Texas Hill Country
October 12, 2020
The Utah border race was a measly 11 miles with lots of hills, more down than up. Not favorable conditions for myself. I managed to stay with Dan, Paul, and John for the first 5-6 miles, when Dan and Paul pulled away. I stayed with John for a few more before he pulled away. Finished in fourth, leaving me still scoreless in the Sierra border race tally.
Our first day in Utah was spent in a small town named Kanab. We camped in an RV park, but the real highlight of Kanab was a guy named Cowboy Ted. Cowboy Ted is an advocate of healthy living and tries to bring his message to kids, especially when it comes to drugs, alcohol, and tobacco. He really supports our cause since it's somewhat similar to his. Cowboy Ted was the one who arranged for us to stay in the RV park, who wound up cooking us dinner and giving us firewood. Then we skipped over to the Best Western Hotel in town for a free breakfast, also thanks to Cowboy Ted, and we also had a free lunch arranged at a place that serves buffalo burgers, which I'd never had before (they were delicious). I'd say Cowboy Ted took good care of us.
While we were eating breakfast at the Best Western, we met a guy named Jim who was passing through and was headed through Zion National Park, where we were going that day. He was pulling an empty trailer, so he offered to follow us that day so we could load our bikes in his trailer to drive through the tunnel that leads into Zion. We thanked him graciously. Turns out he's a cancer survivor himself.
To get into Zion, we had to climb a sizable hill, then descend a LOT into the canyon. I was pretty scared on some parts of the descent, since it was really steep with lots of hairpin turns and no guard rail. We all made it down safely though. Once we got to our campsite, Jim gave us the most delicious watermelon I've ever had. We gave him a T-shirt.
It was a short ride that day, so we had half a day off in Zion, followed by a full day off the next day. I did some hiking with some teammates and Zion is GORGEOUS. Angel's Landing was one of the coolest things I'd ever seen, as well as being a really fun (and somewhat dangerous) climb. At one point, the trail walks across a saddle-like formation in the canyon, with a drop of several hundred feet only steps away on either side of you. People die up there every year, and someone sprained their ankle that day and had to be taken off with a helicopter. Once you get across, you have to scale rocks, with chains attached, otherwise it would be innavigable. Athan never quite made it to the summit, despite repeatedly telling himself that Kiera Knightly was waiting at the top. Maybe she wasn't, but he missed out all the same.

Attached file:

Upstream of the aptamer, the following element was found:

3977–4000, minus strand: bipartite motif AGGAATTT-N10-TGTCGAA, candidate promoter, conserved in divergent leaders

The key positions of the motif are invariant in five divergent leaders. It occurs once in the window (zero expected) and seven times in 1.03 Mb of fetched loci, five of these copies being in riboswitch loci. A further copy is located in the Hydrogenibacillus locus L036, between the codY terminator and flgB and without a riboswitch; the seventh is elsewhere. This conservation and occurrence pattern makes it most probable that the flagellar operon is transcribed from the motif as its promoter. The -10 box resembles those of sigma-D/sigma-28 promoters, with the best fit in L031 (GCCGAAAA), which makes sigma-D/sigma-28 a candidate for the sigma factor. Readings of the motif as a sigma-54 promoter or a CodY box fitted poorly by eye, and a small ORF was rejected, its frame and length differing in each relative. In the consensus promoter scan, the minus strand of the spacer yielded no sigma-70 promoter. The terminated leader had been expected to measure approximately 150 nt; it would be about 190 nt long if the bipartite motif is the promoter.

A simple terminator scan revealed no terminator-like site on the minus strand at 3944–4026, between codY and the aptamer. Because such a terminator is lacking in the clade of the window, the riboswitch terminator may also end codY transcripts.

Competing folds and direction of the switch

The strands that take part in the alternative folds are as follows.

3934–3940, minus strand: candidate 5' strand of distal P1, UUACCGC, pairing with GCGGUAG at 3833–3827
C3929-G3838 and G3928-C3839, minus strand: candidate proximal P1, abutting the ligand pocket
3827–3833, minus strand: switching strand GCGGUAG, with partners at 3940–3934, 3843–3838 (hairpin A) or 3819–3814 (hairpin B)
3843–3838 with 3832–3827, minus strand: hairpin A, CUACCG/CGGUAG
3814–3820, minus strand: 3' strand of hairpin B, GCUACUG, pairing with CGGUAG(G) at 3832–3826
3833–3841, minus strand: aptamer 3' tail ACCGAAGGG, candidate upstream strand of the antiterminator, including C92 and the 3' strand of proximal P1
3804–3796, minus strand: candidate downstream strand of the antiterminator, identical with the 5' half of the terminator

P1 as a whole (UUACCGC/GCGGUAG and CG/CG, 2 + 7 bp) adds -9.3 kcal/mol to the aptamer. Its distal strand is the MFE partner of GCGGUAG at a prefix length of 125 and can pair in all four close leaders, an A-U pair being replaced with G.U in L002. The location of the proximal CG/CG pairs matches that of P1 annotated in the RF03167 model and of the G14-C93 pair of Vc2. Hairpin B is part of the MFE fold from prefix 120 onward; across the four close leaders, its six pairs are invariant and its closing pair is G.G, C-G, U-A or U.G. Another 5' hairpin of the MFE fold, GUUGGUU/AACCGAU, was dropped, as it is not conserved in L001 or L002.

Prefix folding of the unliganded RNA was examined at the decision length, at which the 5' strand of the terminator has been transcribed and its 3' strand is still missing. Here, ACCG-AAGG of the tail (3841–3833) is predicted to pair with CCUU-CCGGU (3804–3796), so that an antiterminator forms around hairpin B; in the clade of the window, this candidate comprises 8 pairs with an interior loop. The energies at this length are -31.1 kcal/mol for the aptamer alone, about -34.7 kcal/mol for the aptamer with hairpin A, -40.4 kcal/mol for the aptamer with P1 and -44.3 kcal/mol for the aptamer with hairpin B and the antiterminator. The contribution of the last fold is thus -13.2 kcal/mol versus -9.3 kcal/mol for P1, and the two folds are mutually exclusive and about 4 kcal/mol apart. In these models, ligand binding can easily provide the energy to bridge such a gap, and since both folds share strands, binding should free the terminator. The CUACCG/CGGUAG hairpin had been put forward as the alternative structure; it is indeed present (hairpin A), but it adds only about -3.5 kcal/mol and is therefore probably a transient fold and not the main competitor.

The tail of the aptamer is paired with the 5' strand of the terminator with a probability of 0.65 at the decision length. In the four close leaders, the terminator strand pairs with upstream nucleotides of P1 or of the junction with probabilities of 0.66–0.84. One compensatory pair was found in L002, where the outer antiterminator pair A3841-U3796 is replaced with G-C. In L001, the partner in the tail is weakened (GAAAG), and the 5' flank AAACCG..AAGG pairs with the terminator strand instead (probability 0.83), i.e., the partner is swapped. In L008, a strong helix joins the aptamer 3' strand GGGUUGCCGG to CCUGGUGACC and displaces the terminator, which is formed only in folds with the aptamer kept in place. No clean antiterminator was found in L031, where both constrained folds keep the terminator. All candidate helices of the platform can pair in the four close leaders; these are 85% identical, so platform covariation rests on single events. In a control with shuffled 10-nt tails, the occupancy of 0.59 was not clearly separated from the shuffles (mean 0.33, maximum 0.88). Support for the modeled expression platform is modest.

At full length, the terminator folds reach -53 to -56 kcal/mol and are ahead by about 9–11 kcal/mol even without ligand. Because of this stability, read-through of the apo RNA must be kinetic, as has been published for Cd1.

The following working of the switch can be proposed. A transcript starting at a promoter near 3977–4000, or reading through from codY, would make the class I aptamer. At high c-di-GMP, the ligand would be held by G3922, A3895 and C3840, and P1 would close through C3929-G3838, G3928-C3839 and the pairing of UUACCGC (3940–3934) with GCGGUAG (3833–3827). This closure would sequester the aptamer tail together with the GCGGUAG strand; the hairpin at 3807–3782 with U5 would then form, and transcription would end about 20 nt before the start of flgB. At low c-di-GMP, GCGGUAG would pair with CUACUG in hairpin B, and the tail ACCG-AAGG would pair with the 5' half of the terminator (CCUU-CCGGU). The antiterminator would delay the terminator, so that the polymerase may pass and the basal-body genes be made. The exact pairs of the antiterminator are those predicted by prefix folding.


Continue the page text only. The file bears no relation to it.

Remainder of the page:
The Narrows were also cool, and I think that's about all we saw. There was a lot more I would've wanted to do if I'd had time, so I think I'm gonna have to go back someday.
On our last night in Zion, someone went to a restaurant and returned to our campsite with a pie to share with everyone. I have never seen the team move so quickly to do anything. We'd all been scattered around our large group site, most of us exhausted from a long day of hiking in the heat, and within seconds, the entire time had come out of the woodwork to surround the picnic table, each holding a spoon. The pie was gone in 30 seconds, maximum. I managed to get four or five bites. It was good.
Going out of Zion we were headed to Veyo, or so we thought. After a day of bad directions that gave us about three wrong turns (I added ten miles to the day's ride on bad directions), we wound up going to the wrong city entirely. Instead of going to the old fire station in Dameron Valley to meet our host families, we wound up finding the old fire station in Veyo (where we thought we were going), which is now the home of the local chapter of the Lions Club. The Lions Club only found us after we'd unpacked everything there, and they were gracious enough to let us leave our bikes there overnight while we drove back to Dameron Valley to find our hosts.
When we got to Dameron Valley, we discovered that they had held an entire cookout to welcome us. We were late, but hadn't missed it entirely. We enjoyed some great food and put on a presentation for a lot of people, which we really hadn't done before. Then we split up into our host families. I was amused when we were told by our Mormon hosts, "You can watch MTV if you want to." I suppose they had a legitimate struggle, deciding between the sinfulness of MTV and their desire to be good hosts. Neither Patrick nor I care for MTV anyway, so we watched Mythbusters.
I can't stress enough how much I love host families over any other arrangement, and I never cease to be blown away by the generosity of these people that take us into their homes.
from Texas 4,000